“This act of walking is an urban affair and, in cities that are increasingly hostile to the pedestrian, it inevitably becomes an act of subversion. Walking is seen as contrary to the spirit of the modern city with its promotion of swift circulation and the street-level gaze that walking requires allows one to challenge the official representation of the city by cutting across established routes and exploring those marginal and forgotten areas often overlooked by the city’s inhabitants. In this way the act of walking becomes bound up with psychogeography’s characteristic political opposition to authority, a radicalism that is confined not only to the protests of 1960s Paris but also to the spirit of dissent that animated both Defoe and Blake as well as the vocal criticism of London governance to be found in the work of contemporary London psychogeographers such as Stewart Home and Iain Sinclair.”

Merlin Coverley

Through aimless drift

“The Situationist concept of “psychogeography” had its roots in the aimless Surrealist drifts through Paris described in Breton’s 1928 novel Nadja and in Louis Aragon’s 1926 novel Le Paysan de Paris, and meant a purely subjective, para-scientific exploration of (chiefly) urban spaces through aimless drift. The surrealist drifts in turn were indebted to the romanticist “flâneur,” a wanderer “botanising the asphalt” as cultural theorist Walter Benjamin put it in his essay on 19th century poet Charles Baudelaire.”

Words Made Flesh
Florian Cramer


“Si se me permite decirlo, declaro además que en la pared de la casita campaban pinturas murales o sublimes frescos celestialmente delicados y graciosos, que representaban un paisaje de los Alpes suizos en el que había pintada otra casita, una casa de las tierras altas de Berna. En verdad, la pintura en sí no valía nada. Sería osado querer afirmar otra cosa. Pero aun así se me antojaba espléndida. Simple y sin adorno como era, me encantaba; en realidad me encanta cualquier pintura, por necia e inhábil que sea, porque toda pintura recuerda, primero, la actividad y el celo, y segundo, a Holanda. ¿Acaso no es hermosa toda música, incluso la más limitada, para aquel que ama la esencia y la existencia de la música? ¿No es cualquier persona, hasta la más malvada y desagradable, amable para el filántropo?”.

El paseo
Robert Walser


saun·ter verb \ˈsȯn-tər, ˈsän-\

Definition of SAUNTER
intransitive verb
: to walk about in an idle or leisurely manner : stroll
— saunter noun
— saun·ter·er \-tər-ər\ noun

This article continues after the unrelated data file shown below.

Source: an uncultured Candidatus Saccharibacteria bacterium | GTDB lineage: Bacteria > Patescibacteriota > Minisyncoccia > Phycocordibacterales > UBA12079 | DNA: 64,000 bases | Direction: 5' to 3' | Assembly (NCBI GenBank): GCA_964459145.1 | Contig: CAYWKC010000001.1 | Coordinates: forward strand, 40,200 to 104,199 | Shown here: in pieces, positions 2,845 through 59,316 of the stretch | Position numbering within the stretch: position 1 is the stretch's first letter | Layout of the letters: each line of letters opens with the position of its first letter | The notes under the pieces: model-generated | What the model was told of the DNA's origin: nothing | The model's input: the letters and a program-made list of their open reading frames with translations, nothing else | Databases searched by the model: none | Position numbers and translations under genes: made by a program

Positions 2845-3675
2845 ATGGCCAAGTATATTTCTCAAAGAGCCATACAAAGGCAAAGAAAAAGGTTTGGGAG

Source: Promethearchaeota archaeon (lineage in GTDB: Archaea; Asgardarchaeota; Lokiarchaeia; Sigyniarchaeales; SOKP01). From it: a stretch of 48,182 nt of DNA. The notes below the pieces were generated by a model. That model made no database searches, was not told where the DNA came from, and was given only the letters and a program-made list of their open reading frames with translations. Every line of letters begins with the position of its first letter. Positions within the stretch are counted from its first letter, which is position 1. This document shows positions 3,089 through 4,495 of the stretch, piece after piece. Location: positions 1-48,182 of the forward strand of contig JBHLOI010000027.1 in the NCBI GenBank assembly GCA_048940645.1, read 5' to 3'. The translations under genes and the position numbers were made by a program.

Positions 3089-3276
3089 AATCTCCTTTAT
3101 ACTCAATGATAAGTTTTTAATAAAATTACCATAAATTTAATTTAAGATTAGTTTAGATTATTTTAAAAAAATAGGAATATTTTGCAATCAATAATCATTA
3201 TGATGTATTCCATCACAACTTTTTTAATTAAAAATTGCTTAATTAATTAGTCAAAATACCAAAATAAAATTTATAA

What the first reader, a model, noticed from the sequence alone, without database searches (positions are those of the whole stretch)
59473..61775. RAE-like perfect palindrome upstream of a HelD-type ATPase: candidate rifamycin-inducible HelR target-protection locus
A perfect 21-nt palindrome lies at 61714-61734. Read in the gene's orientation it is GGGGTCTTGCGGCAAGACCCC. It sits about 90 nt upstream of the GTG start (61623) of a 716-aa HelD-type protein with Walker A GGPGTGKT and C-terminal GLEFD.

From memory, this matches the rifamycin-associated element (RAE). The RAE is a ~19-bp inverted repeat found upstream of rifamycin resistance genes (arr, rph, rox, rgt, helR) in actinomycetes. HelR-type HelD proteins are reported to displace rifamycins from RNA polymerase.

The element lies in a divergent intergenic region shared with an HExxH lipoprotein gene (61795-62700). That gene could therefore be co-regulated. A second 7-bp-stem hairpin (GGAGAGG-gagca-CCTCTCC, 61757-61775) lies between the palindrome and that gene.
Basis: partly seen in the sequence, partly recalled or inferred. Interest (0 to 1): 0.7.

Examples of SAUNTER
1. They sauntered slowly down the street.
2. He sauntered into the store.

Origin of SAUNTER
probably from Middle English santren to muse
First Known Use: circa 1667


• Walking [read]
Henry David Thoreau. 1862.

• El cuerpo, su estado y la espontaneidad [download pdf]
Haruchika Noguchi

• The Crimes of the Flaneur
Tom McDonough. October Magazine, Fall 2002, No. 102.

• The Man of the Crowd [read]
Edgar Allan Poe. 1840.

• Théorie de la dérive [read]
Guy Debord. 1956.

Edited by Caroline A. Jones

Pirotecnia para los tímpanos y la corteza cerebral

“El aire que vibra, la membrana que palpita, el hueso que se mueve, el líquido que oscila y los impulsos electroquímicos que se precipitan como fuentes sobre el cerebro expectante.
Los sonidos tienen un acceso más directo al Subconsciente que la información visual.
Más allá de los efectos dramáticos o psicoacústicos, los ruidos y sonidos pueden generar un espacio de experiencia perfectamente físico.
Según su propia etimología (sensatio), las sensaciones hacen referencia a sentir (sentire), es decir, al tacto, por lo tanto también a la relación mecánica del cuerpo con su entorno mediante la tracción y la resistencia.
El sonido es parte del cuerpo, penetra en él con sus ondas sonoras y nos afecta físicamente. Creo que este es uno de los motivos por los que puede emocionarnos tanto.
Siempre me ha encantado evadirme, ya fuera mediante un paseo, un libro, películas o sueños; y es ahora cuando me doy cuenta de lo que he hecho estos últimos años. He practicado agujeros que daban a mis otros mundos.”

Pirotecnia para los tímpanos y la corteza cerebral by Ralf Beil

Sitting with crossed legs

“When sometimes I am reminded that the mechanics and shopkeepers stay in their shops not only all the forenoon, but all the afternoon too, sitting with crossed legs, so many of them —as if legs were made to sit upon, and not to stand or walk upon— I think that they deserve some credit for not having all committed suicide long ago.”

Walking by Henry David Thoreau